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in religion, the ceremonial removal of what the religion deems unclean. The usual agents of purification are water (as in baptismbaptism
[Gr., =dipping], in most Christian churches a sacrament. It is a rite of purification by water, a ceremony invoking the grace of God to regenerate the person, free him or her from sin, and make that person a part of the church.
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), bodily alteration (as in circumcisioncircumcision
, operation to remove the foreskin covering the glans of the penis. It dates back to prehistoric times and was widespread throughout the Middle East as a religious rite before it was introduced among the Hebrews.
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), and fire. The origin of purification rites is a matter of dispute, but frequently the necessity for purification may result from violation of taboo or from defilement incurred while participating in critical events of life, such as childbirth, puberty, marriage, bloodshed or war, and death. The ancient Hebrew rites are described in the Bible, as in chapter 19 of the Book of Numbers. CandlemasCandlemas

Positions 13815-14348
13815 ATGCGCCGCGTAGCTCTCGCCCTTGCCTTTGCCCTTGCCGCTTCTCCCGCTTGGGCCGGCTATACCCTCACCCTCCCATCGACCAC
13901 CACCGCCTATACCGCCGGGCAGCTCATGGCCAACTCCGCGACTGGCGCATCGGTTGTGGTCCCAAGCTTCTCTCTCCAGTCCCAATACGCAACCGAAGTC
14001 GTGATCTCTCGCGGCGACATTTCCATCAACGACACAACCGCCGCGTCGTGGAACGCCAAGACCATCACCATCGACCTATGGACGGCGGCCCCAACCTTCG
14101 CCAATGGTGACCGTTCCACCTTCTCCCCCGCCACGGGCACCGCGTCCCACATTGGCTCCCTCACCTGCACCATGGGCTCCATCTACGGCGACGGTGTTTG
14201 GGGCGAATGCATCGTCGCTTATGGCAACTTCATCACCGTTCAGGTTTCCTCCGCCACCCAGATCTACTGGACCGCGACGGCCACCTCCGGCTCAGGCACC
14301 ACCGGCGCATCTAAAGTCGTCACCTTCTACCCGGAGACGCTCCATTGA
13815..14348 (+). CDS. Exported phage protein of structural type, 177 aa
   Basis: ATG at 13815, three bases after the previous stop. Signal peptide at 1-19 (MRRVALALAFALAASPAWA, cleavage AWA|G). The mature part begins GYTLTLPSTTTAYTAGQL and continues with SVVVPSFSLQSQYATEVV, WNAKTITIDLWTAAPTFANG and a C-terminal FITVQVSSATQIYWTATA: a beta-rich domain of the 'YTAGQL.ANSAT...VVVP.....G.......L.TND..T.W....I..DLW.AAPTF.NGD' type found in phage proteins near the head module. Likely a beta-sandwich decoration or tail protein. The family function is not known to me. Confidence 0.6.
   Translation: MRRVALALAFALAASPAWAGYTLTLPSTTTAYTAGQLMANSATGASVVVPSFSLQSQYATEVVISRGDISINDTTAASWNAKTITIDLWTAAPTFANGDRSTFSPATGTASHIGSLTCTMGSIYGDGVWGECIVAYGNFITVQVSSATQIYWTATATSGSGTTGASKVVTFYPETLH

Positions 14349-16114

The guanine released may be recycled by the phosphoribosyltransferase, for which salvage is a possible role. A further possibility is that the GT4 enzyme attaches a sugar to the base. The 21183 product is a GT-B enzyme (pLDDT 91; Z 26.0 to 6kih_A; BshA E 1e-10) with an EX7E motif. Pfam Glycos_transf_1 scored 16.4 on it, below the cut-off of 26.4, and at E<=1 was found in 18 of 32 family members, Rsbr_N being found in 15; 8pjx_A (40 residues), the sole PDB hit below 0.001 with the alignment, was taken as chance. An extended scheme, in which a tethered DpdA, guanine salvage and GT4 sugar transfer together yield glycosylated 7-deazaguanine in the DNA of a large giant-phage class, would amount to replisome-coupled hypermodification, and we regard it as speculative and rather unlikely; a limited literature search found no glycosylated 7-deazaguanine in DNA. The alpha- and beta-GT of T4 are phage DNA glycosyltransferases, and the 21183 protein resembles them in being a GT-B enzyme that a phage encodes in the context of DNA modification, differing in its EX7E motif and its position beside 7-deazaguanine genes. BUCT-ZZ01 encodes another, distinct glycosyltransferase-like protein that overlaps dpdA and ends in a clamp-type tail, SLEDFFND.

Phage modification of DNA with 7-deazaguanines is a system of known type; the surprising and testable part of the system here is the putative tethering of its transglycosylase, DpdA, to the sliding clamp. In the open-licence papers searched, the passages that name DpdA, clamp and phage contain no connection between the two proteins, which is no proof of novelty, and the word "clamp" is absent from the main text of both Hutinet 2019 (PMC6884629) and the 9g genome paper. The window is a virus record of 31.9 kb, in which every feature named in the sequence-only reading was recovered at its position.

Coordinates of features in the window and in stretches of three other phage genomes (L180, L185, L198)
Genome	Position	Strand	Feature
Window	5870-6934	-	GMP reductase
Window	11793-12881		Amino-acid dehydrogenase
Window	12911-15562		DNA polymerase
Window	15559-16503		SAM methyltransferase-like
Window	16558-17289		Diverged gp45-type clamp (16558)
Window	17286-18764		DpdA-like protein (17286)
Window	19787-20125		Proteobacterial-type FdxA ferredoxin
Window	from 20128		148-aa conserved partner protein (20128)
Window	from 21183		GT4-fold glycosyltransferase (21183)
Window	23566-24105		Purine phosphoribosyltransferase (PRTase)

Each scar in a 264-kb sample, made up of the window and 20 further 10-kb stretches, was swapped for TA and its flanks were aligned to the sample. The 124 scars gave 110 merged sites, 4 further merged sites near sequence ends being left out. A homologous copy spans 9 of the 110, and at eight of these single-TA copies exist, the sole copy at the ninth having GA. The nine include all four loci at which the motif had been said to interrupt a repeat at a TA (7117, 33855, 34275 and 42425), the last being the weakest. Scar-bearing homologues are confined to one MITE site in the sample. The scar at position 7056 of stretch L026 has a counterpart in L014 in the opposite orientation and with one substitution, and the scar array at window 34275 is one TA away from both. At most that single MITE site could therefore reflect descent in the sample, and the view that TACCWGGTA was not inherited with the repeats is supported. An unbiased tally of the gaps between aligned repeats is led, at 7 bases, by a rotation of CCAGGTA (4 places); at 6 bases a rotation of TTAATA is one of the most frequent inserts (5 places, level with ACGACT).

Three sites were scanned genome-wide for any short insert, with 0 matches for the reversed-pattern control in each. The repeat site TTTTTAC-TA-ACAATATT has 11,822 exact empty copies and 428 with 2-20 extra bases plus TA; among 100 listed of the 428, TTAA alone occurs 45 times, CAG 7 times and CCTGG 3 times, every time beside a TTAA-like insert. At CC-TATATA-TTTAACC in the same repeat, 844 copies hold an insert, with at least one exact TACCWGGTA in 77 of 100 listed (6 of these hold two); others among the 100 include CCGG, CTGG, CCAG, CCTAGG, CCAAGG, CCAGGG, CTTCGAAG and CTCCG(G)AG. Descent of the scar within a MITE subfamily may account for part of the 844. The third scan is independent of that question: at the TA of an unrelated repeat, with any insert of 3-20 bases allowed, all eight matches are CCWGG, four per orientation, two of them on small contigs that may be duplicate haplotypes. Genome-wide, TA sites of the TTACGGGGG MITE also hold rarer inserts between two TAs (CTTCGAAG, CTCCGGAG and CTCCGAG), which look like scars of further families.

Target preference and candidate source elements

, Feb. 2, Christian festival commemorating the Purification of the Blessed Virgin and the Presentation of Jesus in the Temple. The name Candlemas is derived from the procession of candles, inspired by the words of Simeon "a light to lighten the Gentiles" (Luke 2.32).
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 commemorates the purification of the Virgin Mary after the birth of Jesus.
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purified Jason and Medea after their murder of Apsyrtus. [Gk. Myth.: Benét, 201]
Allusions—Cultural, Literary, Biblical, and Historical: A Thematic Dictionary. Copyright 2008 The Gale Group, Inc. All rights reserved.
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